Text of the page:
Q: Our 8-year-old daughter, Chavi*, is sharp and lively and well-liked. She has no reason to harbor feelings of being second-class in any way and should not need to gravitate towards someone who is more of a leader. But that is precisely what is happening.
Chavi is somewhat of a perfectionist and gets frustrated when she can’t be the best at what she is doing. We try to work with her on this issue and joke about our own mistakes. She sometimes gets angry at her siblings for not playing with her, and hits them. She works pretty well with charts, but after a time she goes back to her more agitated behavior.
In school, Chavi has been friends since kindergarten with Dini, who is more of a troublemaker. When asked why she is Dini’s friend, Chavi says she is fun. Dini often gives her extra nosh and attempts to keep the friendship “tight” at all costs. My daughter has often gotten into trouble because she hangs out with this girl. Dini has more severe behavioral problems than my daughter, so the school doesn’t take my concerns too seriously. I don’t allow Dini to come to our house, and we clearly try to discourage the friendship. Chavi has a hard time saying no to this girl, and that is what worries me the most. If she can’t hold her own now, what’s going to be when she grows up?
What I find even more difficult to understand is that my husband and I are quite ehrlich and go out of our way to avoid such “not straight” people. How can my daughter be attracted by Dini’s offer of friendship?
Due to my husband’s sterling character, he is greatly trusted by others, and due to siyatta diShmaya, he has been quite matzliach in business — so Chavi doesn’t have to feel inferior based on our economic situation. We are a very happy household, so I can’t imagine she’s looking for excitement as exemplified by someone who is “fun.”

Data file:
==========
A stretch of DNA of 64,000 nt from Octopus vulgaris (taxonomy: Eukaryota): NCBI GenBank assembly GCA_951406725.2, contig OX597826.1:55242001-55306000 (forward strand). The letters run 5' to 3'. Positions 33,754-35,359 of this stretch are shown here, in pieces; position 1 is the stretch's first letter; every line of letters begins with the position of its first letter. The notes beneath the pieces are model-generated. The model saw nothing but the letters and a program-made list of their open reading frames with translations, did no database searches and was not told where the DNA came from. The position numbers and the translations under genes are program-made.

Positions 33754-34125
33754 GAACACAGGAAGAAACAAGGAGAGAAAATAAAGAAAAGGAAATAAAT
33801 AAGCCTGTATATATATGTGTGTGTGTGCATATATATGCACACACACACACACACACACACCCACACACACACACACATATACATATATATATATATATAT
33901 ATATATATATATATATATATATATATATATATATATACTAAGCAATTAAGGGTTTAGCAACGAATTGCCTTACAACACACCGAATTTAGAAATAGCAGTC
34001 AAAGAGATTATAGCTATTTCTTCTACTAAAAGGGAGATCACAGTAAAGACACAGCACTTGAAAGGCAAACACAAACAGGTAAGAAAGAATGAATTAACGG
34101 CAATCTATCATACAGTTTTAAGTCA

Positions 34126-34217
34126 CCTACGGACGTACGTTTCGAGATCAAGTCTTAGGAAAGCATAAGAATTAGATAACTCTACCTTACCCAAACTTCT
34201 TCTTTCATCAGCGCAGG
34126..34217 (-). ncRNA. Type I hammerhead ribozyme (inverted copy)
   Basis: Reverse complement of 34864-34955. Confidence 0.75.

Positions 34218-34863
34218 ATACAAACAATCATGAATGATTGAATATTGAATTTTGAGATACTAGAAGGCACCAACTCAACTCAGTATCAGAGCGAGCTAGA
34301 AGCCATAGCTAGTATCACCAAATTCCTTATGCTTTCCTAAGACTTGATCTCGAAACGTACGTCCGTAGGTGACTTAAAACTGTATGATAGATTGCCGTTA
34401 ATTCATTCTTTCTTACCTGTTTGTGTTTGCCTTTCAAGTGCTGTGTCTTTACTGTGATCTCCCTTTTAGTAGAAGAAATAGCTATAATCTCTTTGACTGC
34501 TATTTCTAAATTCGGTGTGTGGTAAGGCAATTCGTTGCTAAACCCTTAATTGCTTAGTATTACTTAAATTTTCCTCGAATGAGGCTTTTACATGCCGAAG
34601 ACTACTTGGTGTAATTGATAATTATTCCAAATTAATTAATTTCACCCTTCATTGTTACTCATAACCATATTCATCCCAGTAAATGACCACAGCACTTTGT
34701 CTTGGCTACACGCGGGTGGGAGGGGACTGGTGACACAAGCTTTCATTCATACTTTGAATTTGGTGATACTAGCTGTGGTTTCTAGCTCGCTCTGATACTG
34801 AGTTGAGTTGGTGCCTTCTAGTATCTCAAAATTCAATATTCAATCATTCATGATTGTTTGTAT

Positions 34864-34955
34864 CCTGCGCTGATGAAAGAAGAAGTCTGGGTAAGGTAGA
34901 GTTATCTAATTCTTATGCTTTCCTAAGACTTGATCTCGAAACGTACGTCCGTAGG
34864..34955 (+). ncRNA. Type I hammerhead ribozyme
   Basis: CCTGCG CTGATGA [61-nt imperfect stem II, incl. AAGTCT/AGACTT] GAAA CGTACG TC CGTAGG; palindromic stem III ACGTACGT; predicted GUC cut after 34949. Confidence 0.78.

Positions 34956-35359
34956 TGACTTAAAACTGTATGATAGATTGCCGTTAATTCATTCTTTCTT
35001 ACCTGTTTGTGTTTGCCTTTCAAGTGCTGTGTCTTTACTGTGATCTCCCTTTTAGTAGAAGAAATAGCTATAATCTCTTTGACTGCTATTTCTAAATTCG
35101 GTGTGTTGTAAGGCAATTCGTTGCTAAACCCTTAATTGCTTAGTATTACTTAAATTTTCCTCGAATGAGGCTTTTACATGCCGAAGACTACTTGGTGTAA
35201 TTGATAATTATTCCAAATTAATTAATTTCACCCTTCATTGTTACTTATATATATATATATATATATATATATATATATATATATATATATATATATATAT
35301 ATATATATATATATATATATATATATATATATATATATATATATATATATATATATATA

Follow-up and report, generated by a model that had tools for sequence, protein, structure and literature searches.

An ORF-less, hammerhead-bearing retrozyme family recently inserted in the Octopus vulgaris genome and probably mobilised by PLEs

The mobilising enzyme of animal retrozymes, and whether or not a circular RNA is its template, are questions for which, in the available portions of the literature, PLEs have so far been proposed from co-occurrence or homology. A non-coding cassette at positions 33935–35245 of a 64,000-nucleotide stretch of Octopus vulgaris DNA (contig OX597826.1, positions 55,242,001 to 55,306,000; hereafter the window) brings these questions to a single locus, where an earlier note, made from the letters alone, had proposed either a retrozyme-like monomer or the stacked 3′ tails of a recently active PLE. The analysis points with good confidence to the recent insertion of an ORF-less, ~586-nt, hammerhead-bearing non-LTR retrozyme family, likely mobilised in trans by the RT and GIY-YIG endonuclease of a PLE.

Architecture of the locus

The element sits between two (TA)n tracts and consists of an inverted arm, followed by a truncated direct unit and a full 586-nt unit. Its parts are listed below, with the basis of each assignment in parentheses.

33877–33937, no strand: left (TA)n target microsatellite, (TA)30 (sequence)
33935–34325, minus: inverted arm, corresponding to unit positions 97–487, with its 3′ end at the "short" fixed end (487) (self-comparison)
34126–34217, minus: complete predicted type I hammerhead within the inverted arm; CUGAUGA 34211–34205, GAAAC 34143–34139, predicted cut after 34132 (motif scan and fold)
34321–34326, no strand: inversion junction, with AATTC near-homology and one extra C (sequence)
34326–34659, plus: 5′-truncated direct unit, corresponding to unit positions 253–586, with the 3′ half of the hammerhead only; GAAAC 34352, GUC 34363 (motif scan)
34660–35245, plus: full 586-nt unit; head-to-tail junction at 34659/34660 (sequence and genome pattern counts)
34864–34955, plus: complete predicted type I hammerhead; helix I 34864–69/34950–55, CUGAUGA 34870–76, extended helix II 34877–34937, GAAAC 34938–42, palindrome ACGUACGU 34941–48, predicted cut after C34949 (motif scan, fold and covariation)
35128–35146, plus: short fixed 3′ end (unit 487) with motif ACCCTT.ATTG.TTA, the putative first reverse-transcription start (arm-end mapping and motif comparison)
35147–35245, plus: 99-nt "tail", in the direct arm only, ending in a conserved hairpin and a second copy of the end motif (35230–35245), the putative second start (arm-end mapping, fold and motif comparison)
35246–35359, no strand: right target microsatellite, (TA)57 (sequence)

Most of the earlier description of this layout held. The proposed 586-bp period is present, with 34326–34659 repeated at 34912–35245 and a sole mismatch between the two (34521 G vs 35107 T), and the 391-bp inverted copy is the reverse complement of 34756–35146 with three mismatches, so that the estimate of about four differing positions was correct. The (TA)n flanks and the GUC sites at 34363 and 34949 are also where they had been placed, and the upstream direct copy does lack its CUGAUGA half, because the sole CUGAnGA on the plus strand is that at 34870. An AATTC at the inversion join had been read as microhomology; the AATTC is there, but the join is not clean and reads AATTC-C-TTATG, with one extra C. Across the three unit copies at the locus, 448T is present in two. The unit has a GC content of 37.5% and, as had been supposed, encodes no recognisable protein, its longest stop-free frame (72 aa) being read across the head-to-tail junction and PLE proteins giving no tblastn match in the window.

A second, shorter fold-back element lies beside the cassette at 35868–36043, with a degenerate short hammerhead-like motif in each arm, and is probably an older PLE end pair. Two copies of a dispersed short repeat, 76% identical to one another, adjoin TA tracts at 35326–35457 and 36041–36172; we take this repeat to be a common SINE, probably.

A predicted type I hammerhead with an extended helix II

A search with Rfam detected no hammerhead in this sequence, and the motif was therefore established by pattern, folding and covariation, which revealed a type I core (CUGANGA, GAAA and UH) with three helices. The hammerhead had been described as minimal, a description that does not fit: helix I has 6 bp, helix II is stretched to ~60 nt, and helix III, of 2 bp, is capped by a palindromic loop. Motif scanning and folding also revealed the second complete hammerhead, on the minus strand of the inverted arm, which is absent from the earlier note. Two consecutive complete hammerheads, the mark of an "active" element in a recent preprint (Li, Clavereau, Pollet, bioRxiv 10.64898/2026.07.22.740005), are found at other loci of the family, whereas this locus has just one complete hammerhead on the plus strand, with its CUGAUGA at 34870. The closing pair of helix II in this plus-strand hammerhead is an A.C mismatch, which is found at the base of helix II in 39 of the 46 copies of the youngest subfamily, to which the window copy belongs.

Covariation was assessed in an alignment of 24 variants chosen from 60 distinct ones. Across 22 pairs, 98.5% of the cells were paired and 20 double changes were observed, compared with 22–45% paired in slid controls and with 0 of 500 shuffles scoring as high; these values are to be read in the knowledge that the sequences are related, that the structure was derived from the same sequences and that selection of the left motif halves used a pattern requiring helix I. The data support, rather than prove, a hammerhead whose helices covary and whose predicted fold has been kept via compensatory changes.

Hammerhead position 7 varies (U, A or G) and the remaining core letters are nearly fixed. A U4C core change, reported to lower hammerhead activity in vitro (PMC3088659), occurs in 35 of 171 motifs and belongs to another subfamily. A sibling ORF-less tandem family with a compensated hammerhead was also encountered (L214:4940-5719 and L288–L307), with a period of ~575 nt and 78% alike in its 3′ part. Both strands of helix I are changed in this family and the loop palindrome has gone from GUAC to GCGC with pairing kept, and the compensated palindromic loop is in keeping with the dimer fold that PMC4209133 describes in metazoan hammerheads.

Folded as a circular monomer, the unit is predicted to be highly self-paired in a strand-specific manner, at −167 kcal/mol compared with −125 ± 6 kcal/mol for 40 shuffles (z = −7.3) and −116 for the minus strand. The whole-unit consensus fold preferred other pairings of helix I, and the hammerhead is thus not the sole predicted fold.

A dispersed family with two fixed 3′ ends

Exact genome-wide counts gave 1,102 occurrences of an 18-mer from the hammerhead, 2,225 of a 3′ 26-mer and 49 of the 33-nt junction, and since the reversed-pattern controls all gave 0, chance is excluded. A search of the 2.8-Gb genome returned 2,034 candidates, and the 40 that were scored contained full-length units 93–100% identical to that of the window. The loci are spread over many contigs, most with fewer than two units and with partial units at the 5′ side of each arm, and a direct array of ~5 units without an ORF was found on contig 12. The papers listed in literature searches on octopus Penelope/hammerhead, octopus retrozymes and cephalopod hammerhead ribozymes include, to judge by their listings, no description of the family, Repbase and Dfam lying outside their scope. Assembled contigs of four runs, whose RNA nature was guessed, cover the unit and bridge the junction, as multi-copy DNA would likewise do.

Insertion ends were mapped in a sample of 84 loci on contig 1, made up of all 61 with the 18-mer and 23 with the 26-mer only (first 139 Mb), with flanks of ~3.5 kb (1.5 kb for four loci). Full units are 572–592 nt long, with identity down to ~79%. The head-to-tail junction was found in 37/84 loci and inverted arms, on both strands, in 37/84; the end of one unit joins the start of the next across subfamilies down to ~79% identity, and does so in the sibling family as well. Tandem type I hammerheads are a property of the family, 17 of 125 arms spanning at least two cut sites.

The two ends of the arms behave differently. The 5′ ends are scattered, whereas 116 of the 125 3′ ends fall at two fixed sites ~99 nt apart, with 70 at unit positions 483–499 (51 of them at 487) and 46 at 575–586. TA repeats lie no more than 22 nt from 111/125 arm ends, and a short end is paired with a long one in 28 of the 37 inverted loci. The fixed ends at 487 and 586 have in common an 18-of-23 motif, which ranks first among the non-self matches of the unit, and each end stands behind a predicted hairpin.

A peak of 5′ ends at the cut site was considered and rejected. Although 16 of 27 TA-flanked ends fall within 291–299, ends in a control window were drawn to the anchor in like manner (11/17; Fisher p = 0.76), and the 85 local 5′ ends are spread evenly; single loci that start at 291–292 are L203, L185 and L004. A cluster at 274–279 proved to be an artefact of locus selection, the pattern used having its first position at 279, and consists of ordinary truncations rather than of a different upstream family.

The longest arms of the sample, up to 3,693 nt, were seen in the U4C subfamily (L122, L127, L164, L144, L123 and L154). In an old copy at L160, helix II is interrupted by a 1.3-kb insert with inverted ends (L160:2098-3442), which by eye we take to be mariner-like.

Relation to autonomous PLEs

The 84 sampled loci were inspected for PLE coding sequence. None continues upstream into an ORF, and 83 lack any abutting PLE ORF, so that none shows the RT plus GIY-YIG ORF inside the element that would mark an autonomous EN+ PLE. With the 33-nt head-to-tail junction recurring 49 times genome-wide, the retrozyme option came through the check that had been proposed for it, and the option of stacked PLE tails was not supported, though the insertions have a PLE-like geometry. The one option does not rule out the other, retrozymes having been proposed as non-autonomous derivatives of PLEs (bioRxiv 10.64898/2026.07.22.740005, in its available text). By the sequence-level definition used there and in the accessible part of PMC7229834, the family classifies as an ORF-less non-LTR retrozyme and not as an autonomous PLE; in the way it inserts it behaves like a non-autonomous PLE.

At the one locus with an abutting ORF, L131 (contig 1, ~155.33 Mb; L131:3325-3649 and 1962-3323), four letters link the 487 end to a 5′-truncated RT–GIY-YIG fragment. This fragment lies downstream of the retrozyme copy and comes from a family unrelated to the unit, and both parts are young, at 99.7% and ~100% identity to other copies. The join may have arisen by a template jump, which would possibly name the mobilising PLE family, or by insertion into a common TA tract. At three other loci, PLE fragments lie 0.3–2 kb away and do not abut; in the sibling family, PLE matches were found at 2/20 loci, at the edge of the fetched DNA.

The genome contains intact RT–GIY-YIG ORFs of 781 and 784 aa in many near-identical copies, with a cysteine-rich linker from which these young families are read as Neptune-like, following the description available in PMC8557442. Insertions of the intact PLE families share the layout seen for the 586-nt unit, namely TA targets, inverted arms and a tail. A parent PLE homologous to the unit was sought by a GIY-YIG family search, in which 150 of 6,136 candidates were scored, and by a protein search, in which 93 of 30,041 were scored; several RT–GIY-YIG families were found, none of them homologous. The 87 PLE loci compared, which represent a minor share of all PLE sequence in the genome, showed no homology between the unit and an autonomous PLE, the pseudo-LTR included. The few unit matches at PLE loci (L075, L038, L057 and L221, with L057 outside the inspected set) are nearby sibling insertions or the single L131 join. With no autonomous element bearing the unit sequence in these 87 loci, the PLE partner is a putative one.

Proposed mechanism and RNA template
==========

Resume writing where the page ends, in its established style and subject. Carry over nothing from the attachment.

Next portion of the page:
What can I do to extract Chavi from Dini’s influence and help her build healthy relationships?
A: It seems that Chavi’s perfectionist tendencies cause her to experience great self-doubt. If a sibling doesn’t want to play with her, she cannot easily self-reflect why this is occurring and, instead, responds impulsively. She finds it difficult to see her own role in sibling conflicts and understand why her sisters and brothers are avoiding her. Rather than face any character flaws she may possess, she releases her feelings of frustration in an impulsive manner.
People with self-doubt often gravitate towards those who seem self-confident. Thus, a “troublemaker” (who actually lacks true self-esteem) can feel like an acceptable companion to a self-doubting child, a comfortable person with whom to feel secure in an insecure world.
Building self-esteem cannot be stressed enough in relation to a child’s ability to withstand peer pressure. You and your husband can discuss examples of times you were strong in your beliefs (even when it was uncomfortable to say no), and in doing so, brought about great benefits to you. Role-playing ways to respond to Dini can also be helpful. Teaching appropriate assertiveness can be shown by example, as well. Reward Chavi’s attempts towards self-affirmation. You can remind your daughter that getting nosh from Dini is just a temporary way of keeping a friendship. A friend can’t be afraid of another friend.
On a more practical level, ask your daughter who else she likes in her class. It is much easier to step away from an unhealthy relationship if there is someone else available with whom she can become close. Once Chavi sets her sights on a new, more appropriate friend, put special effort into nurturing this new relationship: Take the two girls out for pizza or do something else eight-year-old girls enjoy. Shared positive experiences create positive memories and things to talk about between themselves. At this point, visits to your home, with various siblings and distractions around, may not be helpful in creating the type of peer relationship your daughter desires.
Note that as this new relationship develops, Dini may be quite resentful. This topic will be addressed in another column, iy”H.